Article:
Many U.S. companies are unaware that a relatively unknown agency, the Bureau of Economic Analysis (BEA)
at the Department of Commerce, administers mandatory reporting requirements that oblige ALL U.S. businesses to file reports identifying foreign direct investment (FDI). Reports are filed at the inception of the investment and then every five years in a follow-up “benchmark survey.” Additionally, the BEA will contact certain companies to make additional filings.
Mandatory FDI Reporting Is Triggered When:
- A foreign investor/entity aquires ownership or control of 10 percent or more of a U.S. business
- A foreign investor/entity or its existing U.S. affiliate1 establishes a new U.S. business resulting in the
foreign investor/entity having at least 10 percent ownership or control (direct or indirect)
- An existing U.S. affiliate of a foreign investor/entity expands its U.S. operations
- An existing U.S. affiliate of a foreign investor/entity acquires a U.S. business, giving the foreign entity at least 10 percent ownership or control
Penalties. Failure to file the report(s) risks civil penalties of up to $48,000 and criminal penalties of up to $10,000 for each individual and/or up to one year of imprisonment.
Reporting Requirements. The BEA administers these requirements pursuant to the International Investment and Trade in Services Survey Act based on business structure and certain financial criteria. The BEA publishes the anonymized results to track the scale of foreign investment activities in the United States and their effects on the U.S. economy.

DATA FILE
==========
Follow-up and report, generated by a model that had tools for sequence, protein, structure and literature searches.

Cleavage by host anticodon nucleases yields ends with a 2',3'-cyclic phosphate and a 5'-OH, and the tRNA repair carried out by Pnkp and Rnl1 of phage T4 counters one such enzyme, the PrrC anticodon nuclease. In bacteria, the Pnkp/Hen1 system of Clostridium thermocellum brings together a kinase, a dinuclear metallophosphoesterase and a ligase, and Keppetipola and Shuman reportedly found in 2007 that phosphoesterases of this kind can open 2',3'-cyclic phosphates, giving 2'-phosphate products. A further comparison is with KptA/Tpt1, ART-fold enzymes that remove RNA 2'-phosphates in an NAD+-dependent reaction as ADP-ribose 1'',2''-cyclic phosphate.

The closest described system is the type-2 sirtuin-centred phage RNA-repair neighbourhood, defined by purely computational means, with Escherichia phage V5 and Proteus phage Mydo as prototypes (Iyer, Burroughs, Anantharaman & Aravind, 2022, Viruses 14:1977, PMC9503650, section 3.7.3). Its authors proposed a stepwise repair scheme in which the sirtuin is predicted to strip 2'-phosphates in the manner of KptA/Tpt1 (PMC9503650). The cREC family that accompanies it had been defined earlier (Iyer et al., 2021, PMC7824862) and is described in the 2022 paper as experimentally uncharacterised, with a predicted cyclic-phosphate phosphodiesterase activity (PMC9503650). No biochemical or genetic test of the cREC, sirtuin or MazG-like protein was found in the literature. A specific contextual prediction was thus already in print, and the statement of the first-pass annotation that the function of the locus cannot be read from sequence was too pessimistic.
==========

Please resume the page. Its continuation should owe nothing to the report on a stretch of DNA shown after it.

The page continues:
Required Filings. Entities must file at least two reports: the new FDI and the five-year benchmark survey.
- New FDI. All U.S. entities must file this report within 45 days of completing any transaction described above.
*Exemptions are available if the total, actual or expected cost of the transaction is $3 million or less, but to receive an exemption, the entity still must file a report.
- Five-year benchmark survey. All U.S. entities with qualifying foreign investment must file this
comprehensive survey every five years (the most recent benchmark survey was issued in 2017).
* Exemptions are available if foreign ownership is less than 10 percent, the business is consolidated with another U.S. affiliate, or the business was liquidated or dissolved. Exemptions still require filing a report.
- The BEA may contact entities to require additional quarterly or annual reporting. Directed reporting may involve transactions between foreign parents or organizational changes, such as the establishment, acquisition, liquidation or sale of the business.
Similar filings are required when U.S. entities make foreign investments. For more information on determining whether a BEA filing is required, review the BEA website here, or contact the Lowenstein Sandler Global Trade and Policy Group. Watch for our upcoming alert on BEA filing requirements for U.S. outbound investments.
 Affiliate means a business enterprise located in one country that is directly or indirectly owned or controlled by an entity of another country to the extent of 10 percent or more of its voting stock for an incorporated business or an equivalent interest for an unincorporated business enterprise.Click here to view the full article